The Changing World of Alarm Monitoring

The State of Alarm Monitoring

Hi this is Russ Vandevanter, the Alarm Professor. Today we’re going to start a four part series guiding you through the world of home alarm monitoring. I will take you step by step to show you how it affects you and your home.

We’ll start with the evolution of alarm monitoring and the state of the monitoring industry today.

I got into the business in 1969. At that point in time there was virtually no monitoring in residential applications. All the monitoring was really heavy commercial equipment with direct wires or dedicated phone technology to monitor the alarms.

In the mid to late 70’s, they started to use tiny tape recorders. They would hook them to the phone line. When the alarm tripped, it would start the tape recorder.

The tape would actually pulse dial and give a recorded message. It didn’t know whether it was getting through, it would just say, “There’s an alarm at Joe’s house.”

You might have it call one or two people and it was a continuous tape so it would go through until it got to the beginning of the tape and then start again.

In the late 70’s, it was Ademco came out with the first digital dialer, as they called it. It was really an electronic dialer that dialed the phone. You would put in little screws that would determine what phone number it dialed, and it went to a receiver.

The receiver would capture the message it would give you on a screen. It would give you an account number, a three digit account number. Then they would give you a one digit code.

The code might be burglar alarm code two, might be burglar alarm code three,  etc. The codes would indicate what happened and you could respond accordingly.

As time went on, they integrated the alarm controls more and more with the dialer, so we got more and more information.

At that point, we were good friends with the police department, but there wasn’t a lot of alarm response. In the 80’s a man by the name of Peter Coland, made an agreement with the Brinks Armored car company. They started Brinks Security. Brinks Security changed the face of monitoring all together, because they started putting in alarm systems below cost and charging 25, 29 dollars a month for monitoring; above the going rate for monitoring, but subsidizing the installations.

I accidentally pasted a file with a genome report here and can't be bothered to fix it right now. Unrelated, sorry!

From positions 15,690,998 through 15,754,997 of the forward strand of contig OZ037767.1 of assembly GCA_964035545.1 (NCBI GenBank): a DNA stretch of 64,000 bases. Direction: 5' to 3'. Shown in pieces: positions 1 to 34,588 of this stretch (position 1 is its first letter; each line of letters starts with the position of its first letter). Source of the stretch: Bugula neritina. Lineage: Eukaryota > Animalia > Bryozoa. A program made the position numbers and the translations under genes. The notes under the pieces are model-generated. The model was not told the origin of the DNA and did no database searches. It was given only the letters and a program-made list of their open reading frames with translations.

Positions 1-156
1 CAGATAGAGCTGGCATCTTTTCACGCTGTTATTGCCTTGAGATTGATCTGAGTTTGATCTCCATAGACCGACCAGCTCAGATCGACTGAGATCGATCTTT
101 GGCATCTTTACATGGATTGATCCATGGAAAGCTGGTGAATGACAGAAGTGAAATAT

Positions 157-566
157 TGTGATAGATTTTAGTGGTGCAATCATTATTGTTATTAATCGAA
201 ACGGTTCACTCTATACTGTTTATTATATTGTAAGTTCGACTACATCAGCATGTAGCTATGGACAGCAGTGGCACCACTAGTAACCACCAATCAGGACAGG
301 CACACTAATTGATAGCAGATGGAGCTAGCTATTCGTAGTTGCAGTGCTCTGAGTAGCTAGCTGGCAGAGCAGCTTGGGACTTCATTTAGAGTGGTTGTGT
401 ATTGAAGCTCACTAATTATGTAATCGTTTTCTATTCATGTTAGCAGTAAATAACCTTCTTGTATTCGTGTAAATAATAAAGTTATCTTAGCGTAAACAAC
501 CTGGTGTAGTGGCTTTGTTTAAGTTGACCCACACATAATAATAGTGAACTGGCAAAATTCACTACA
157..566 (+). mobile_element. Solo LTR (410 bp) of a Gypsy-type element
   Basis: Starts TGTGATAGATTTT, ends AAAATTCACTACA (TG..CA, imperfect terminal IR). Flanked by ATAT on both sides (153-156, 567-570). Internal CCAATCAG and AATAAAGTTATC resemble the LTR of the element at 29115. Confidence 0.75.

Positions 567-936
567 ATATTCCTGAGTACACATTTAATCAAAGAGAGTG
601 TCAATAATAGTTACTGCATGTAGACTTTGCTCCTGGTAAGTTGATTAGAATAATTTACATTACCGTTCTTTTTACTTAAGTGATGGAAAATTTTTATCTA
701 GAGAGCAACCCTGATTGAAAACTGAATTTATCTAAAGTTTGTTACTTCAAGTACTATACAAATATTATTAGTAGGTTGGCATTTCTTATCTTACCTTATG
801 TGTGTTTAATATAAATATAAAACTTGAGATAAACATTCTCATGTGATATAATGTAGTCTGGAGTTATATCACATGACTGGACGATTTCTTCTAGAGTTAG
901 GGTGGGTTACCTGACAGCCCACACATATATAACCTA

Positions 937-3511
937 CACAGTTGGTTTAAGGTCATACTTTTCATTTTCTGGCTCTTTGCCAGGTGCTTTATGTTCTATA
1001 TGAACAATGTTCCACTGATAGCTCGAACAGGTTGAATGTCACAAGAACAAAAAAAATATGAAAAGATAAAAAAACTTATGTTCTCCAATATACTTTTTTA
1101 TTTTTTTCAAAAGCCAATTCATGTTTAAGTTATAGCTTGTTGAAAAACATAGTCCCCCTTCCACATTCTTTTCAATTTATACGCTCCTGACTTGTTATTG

From the alarm company perspective we thought it was the end for the small alarm company because, as business men, we couldn’t afford to wait 18 months to make a profit on a new account. We needed our funds by Friday to stay in business.

But the result was dramatically different.

What happened was the whole growth of alarm systems in residential applications just blossomed. Monitored alarm systems were in less than 1% of homes in 1979. By the mid 90’s we were around 20%. That stayed relatively stable, it may be up to 25% or 28% now.

It changed the whole way alarm companies dealt with monitoring.

We use to have little small companies that had 100, 200, or 300 accounts that they monitored. They made a little bit of money on monitoring, but they made their main money on service and installing new alarm systems.

Then the big companies came in. They bought out all the little companies and all of sudden they became marketing companies that were selling monitoring.

The monitoring rates went from $25 to $30 to $40. And even today there are some that are charging 60 dollars a month. They’re starting to add even more because they want to add services like locking and unlocking cameras and things like that onto the alarm monitoring contract.

Then they also lock you in to automatically renewing two or three year contracts! ( Make sure to check on when your contract renews so you don’t get stuck in it. They can renew as soon as 60 days before your contract ends or more, depending on the terms of the contract! )

It has really changed the dynamics of home security for the average person, and not necessarily for the better.

My next segment be talking about police relationship with alarm companies and the many false alarms.

Intro to Alarm Monitoring Series: